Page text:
Windows Server 2012 Release Preview: Compelling new features

Much easier DirectAccess deployment and a full-scale dynamic access control system are among the key benefits.

By Jonathan Hassell, Computerworld |  Operating Systems, Microsoft, Windows Server

Finally, the storage options for VDI-based
deployments have improved as well. For example, you can store and operate VHDs over Server Message Block file
shares, storage area networks (SANs) or local storage directly attached to a server. Collections of pooled virtual
desktops can be configured with tiers -- in other words, infrequently used machines can be stored on cheap storage
whereas more frequently used VHDs and sessions can be put on faster but more expensive storage. And VDI works well
with clustering and failover options present in Windows Server 2012 to better ensure high availability.

Networking improvements

The big benefit for management gurus everywhere is the further enhancements to DirectAccess. I've written
about DirectAccess
before for Computerworld, and I'm a big fan of the technology. It allows VPN-like secure
tunneling from any endpoint back to the corporate mother ship without the overhead and performance hit of a true
VPN.

There is also no management agent on the client; when the technology is configured correctly, it just works.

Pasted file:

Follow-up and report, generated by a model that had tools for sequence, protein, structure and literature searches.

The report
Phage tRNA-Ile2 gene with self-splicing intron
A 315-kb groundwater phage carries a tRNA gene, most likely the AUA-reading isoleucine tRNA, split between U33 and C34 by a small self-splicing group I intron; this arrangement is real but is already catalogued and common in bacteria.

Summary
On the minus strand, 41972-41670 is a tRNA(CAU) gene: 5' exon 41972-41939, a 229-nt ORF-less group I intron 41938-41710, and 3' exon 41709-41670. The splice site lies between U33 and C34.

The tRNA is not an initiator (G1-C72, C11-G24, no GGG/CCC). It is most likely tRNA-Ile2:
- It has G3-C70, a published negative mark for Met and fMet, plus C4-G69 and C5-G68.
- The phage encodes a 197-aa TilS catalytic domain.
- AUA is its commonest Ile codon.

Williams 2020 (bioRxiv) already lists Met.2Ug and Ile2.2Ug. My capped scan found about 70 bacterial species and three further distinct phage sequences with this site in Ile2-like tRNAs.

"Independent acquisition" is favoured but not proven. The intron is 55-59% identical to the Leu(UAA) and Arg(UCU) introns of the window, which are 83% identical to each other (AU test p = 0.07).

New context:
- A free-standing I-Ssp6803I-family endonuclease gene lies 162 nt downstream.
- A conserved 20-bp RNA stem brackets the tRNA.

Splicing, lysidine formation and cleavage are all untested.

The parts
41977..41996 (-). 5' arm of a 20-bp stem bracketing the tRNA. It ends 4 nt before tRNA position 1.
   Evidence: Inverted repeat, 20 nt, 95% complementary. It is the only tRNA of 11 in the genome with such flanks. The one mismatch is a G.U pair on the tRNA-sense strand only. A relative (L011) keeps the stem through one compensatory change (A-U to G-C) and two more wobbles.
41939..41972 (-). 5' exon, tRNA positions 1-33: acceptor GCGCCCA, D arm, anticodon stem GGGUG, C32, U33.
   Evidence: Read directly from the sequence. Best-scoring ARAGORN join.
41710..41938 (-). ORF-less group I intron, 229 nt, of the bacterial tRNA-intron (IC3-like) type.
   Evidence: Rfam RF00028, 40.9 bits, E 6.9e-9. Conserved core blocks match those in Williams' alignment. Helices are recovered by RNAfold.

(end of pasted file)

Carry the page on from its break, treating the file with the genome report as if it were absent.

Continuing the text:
Users have seamless connectivity to file shares, on-premises equipment and other resources just as if they were on
the corporate campus.

In just seven clicks, an administrator can run through this wizard and have a working DirectAccess setup
immediately.

In addition, group policy objects get applied and administrators can manage machines wherever they are, not just
when employees come to headquarters or when the machines connect up to the VPN.

The downside of using DirectAccess up to now has been the heavy requirements in getting the technology set up --
it used to be dependent on IPv6 or somewhat kludgy IPv6-to-IPv4 conversion engines -- and configuring the server
endpoints that reside in your DMZ or on the edge of your network. It also didn't support being virtualized.

These requirements have all been removed in Windows Server 2012. DirectAccess works transparently with IPv4, so
no strange Teredo or conversion tunnels are
required. In addition, you can virtualize the edge machine running the DirectAccess "interceptor" without any
problems. I've only tried it on Hyper-V, but I assume VMware will be supported once the product has officially been
released.


Originally published on Computerworld |  Click here to read the original story.
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